So to neutralize their market risk they have to hedge. And they do this by trading the underlying stock–otherwise known as delta hedging.

Delta hedging is simple. Remember, an option’s delta is the multiple of which an option price will move for each respective $1 move in the underlying stock. So to eliminate that delta risk, you delta hedge. So if the delta of a call option is 0.50 and you sell the option, you can delta hedge that trade by buying 50 shares of the underlying stock per contract you sold.

So great, now your only risk is in the volatility aspect of the option price. But issues quickly arise. You wake up and the underlying stock has moved, which moves the price of your option. Now your option is 0.80 Delta, to remain hedged, you must buy another 30 shares of stock.

When this sort of thing happens really fast in one direction, we call it a “gamma squeeze,” because option dealers are all forced to pile into one side of the trade because they’re being forced to adjust their delta hedges.

Basically, retail traders tend to buy calls and option dealers take the other side of most of those trades. This means that dealers tend to be perpetually short options, and in turn, short gamma. As the price of the stock goes up, they have to buy more shares to adjust their delta hedge. As more traders buy calls, dealers have to buy more shares, creating a positive feedback loop.

How Traders Look for Gamma Squeezes

By now you should have a rough understanding of how and why a gamma squeeze occurs; Option dealers are essentially “short gamma,” which means they’re short a bunch of options and have to continually adjust their hedges as the underlying price moves.

I’m sure you’ve heard all about gamma squeezes in the context of meme stocks like GameStop (GME), AMC (AMC), and so on.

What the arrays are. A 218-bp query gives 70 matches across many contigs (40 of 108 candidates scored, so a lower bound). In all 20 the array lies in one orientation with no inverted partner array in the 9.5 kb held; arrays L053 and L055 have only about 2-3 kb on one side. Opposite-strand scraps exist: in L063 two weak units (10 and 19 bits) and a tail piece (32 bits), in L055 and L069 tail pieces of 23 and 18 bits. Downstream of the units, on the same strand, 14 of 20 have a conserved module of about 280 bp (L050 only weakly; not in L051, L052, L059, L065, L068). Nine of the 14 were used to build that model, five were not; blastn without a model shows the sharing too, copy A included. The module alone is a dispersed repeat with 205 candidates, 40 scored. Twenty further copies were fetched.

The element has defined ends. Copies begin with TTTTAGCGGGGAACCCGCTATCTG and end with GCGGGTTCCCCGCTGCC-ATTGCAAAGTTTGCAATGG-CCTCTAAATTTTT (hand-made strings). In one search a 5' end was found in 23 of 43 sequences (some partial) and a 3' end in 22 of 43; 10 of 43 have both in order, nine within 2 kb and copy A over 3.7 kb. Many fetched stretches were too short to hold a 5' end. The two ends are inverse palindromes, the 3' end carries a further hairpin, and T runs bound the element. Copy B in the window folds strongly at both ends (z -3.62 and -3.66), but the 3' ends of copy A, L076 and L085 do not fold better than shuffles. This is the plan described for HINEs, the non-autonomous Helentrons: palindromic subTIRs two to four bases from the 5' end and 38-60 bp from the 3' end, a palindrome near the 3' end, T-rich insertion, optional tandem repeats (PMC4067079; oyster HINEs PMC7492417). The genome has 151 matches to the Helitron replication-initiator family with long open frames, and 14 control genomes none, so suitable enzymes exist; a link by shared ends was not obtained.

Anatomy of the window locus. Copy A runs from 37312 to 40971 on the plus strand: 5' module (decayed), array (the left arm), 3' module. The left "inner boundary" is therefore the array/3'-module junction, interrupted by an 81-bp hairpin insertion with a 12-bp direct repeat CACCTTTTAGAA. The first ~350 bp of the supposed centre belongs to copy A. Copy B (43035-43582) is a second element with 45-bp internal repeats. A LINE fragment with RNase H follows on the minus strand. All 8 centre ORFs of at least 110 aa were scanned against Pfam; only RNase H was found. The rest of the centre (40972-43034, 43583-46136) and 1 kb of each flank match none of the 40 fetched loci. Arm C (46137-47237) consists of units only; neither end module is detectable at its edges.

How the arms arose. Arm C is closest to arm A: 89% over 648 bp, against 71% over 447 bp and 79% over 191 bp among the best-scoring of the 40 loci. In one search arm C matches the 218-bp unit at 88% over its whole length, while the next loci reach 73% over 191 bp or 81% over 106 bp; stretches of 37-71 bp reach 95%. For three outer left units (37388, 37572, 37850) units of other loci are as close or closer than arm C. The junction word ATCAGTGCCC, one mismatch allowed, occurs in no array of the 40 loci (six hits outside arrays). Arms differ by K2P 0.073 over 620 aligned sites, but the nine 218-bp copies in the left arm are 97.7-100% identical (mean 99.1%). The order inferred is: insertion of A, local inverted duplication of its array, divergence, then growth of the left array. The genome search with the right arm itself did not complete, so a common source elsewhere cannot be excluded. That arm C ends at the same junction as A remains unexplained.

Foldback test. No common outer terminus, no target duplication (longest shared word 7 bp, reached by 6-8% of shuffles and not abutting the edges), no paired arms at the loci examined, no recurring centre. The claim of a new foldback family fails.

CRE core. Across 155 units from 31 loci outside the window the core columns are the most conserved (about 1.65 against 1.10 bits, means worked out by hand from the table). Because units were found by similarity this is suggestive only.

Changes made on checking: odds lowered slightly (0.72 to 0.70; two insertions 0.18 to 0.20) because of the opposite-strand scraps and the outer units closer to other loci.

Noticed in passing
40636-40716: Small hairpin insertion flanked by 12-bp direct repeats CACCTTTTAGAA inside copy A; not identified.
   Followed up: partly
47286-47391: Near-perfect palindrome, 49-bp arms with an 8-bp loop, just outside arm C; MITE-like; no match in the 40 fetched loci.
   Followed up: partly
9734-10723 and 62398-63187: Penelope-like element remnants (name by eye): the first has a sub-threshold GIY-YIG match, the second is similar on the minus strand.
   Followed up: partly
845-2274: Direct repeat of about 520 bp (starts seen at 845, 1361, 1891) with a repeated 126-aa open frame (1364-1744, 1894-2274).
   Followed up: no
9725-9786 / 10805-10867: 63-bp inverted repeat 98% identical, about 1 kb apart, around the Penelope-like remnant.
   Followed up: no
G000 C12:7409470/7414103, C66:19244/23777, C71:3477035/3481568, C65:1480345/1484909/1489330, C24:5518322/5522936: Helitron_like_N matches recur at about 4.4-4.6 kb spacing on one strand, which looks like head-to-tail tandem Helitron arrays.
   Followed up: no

To be, many traders will rely on fancy labels like “gamma squeeze” and “option dealer hedging mechanics” to explain a price move when oftentimes stock prices are just moving because of supply/demand imbalances.

However, there are times when the trading activity of option dealers has a disproportionate and convex activity on stock prices. In those cases, smart options traders have staked this out beforehand and will position themselves advantageously.

While most traders utilize some sort of software to analyze options data like SpotGamma, you can spot some of the basic “red flags” of a potential gamma squeeze through a few simple factors:

  • Much higher than normal options volume. There needs to be outsized activity for dealer hedging to have a big impact on prices
  • Specific near-the-money strikes have very high volume and very high gamma, meaning that traders are buying the options aggressively and dealers are heavily short these strikes. Their high gamma level means that dealers will have to constantly readjust their hedges and trading activity will go up, creating potential for a gamma squeeze
  • Elevated near-term implied volatility
  • Cost of options contracts aren’t massively prohibited to retail traders. (Typically meaning an underlying price <$50)

Beyond simply playing for a short squeeze, just being cogniscent of the most significant strikes where lots of dealer activity is concentrated can help you spot potentially important support and resistance zones which will tons of dealer trading and help you pick better entry and exit points.

Bottom Line

The options market has changed substantially since the COVID bottom and the entry of retail traders buying tons of calls is hugely responsible. The data coming out of retail brokers in terms of how many of their customers are trading options compared to prior years is astounding and the volume data from options exchanges confirms this.

Even the members of WallStreetBets are well aware of the effects their trading has on option dealers and they even try to orchestrate gamma squeezes on the forums nowadays, just as they did in early 2021 with the short squeezes in GameStop and AMC.

The trading activity of option dealers is highly important but just as any potential trading edge, it’s always harder in implementation than theory and the best examples are always cherry-picked.